Plans are going forward for a new six-story, 145-room hotel in Congress Plaza, the large commercial development on West Congress Street.
The hotel, which will include a new restaurant, recently received site plan approval from the Saratoga Springs Planning Board. It will be going up on the site of the now-empty former Grand Union supermarket, which most recently housed Broadway Joe’s Dinner and a Movie.
The Congress Plaza hotel will be yet another addition to a Saratoga Springs hospitality scene that already includes hundreds of hotel rooms, with several new hotels arriving in recent years, and with more accommodations on the drawing boards.
Though the Planning Board has given the hotel final site plan approval, the plans are still subject to review by the city’s Design Review Commission, which will need to approve its architectural design. It’s on the commission’s May 15 agenda.
As the project goes forward, several existing businesses, including The Outer Zone laser tag arena, are going to be displaced, because that part of the plaza will be demolished. Outer Zone management announced on Facebook that it will be closing as of May 12, though it hopes to find another location.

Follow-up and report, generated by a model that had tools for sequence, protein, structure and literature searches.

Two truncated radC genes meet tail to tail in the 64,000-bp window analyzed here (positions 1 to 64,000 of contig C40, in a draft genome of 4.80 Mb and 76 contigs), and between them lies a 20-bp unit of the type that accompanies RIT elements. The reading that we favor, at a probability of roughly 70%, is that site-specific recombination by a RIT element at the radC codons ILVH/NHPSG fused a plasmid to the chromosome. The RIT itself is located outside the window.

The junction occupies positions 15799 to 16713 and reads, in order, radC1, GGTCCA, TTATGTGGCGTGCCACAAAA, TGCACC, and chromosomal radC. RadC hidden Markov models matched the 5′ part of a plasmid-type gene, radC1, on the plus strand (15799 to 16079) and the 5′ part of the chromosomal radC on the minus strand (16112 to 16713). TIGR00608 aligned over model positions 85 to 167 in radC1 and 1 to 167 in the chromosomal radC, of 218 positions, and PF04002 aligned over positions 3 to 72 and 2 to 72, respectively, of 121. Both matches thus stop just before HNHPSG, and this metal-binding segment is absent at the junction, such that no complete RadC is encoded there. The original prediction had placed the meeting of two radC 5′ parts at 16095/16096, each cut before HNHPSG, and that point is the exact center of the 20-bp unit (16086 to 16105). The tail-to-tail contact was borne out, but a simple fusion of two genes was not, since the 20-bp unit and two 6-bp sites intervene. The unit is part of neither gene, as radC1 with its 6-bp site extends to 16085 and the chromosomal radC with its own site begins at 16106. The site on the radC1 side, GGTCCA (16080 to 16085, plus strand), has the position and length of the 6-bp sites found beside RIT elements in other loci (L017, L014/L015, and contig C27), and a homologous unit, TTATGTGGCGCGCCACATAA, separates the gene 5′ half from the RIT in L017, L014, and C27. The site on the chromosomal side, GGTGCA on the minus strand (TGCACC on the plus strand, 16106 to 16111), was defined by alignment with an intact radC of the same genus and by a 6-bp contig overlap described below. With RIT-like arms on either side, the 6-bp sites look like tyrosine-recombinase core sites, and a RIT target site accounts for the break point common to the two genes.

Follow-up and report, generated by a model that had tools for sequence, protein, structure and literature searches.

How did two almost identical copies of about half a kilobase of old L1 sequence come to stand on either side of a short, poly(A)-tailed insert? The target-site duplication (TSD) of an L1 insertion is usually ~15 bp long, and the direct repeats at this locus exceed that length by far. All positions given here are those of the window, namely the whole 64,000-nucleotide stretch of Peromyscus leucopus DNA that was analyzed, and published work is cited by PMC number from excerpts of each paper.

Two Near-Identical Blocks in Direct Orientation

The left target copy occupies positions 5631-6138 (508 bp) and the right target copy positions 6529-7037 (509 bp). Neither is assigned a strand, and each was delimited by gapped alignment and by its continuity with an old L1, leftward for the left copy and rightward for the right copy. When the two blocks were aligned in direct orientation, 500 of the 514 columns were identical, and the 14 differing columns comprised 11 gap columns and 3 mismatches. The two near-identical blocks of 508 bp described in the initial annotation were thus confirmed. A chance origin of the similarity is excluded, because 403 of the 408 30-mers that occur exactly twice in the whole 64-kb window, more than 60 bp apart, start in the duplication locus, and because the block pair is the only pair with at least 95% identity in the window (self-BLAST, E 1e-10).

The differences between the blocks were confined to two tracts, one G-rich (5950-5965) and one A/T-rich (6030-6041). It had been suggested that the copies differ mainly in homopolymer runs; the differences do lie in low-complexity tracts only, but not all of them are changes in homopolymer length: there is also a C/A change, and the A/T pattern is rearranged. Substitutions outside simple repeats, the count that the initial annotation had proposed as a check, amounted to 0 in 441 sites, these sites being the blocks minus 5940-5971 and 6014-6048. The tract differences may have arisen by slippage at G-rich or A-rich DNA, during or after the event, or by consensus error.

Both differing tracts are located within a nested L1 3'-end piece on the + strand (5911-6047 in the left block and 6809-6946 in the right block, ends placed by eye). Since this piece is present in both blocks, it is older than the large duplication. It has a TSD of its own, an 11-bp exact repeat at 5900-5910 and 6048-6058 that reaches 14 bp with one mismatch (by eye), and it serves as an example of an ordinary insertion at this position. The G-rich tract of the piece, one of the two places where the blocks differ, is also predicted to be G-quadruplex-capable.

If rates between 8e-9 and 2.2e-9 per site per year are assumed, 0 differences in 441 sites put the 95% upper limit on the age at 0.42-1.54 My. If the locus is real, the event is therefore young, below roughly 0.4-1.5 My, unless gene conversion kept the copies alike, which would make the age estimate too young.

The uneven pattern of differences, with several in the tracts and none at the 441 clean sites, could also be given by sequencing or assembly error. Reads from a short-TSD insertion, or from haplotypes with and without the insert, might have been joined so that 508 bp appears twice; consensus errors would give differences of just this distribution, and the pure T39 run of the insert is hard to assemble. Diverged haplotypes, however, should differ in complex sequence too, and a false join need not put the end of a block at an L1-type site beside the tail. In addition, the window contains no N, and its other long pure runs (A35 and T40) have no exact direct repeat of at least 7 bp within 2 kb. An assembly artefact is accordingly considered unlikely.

The hotel is being developed by DCG Development Co. of Clifton Park, which owns the plaza that it built in the early 1980s.
DCG Vice President Donald C. MacElroy said no chain affiliation for the hotel has been announced. He said DCG plans to start demolition as soon as the Design Review Commission gives its approval.
“Obviously, the goal will be to be open in time for next year’s summer season,” MacElroy said.
During several review sessions since the plans were first submitted last fall, city principal planner Kate Maynard said the scope of the project was reduced, with a two-story parking garage that would have been built along Congress Street removed from the plans. The existing CVS Pharmacy and the southern half of the existing plaza will remain.
The developer will also be re-establishing vehicle and pedestrian connections from West Congress Street through to South Franklin and South Federal streets. Those street-grid connections were severed when the plaza was first constructed, Maynard said.
The site, while considered to be within the downtown, sits on the border between the city’s commercial corridor and the residential neighborhoods on the city’s West Side. Before demolition for urban renewal in the 1960s, it had been known for its bars and brothels.
The developer and the city will also be looking at whether crosswalks are needed because the project will increase pedestrian traffic, with people walking to the Price Chopper supermarket and new movie theater complex being built several blocks away.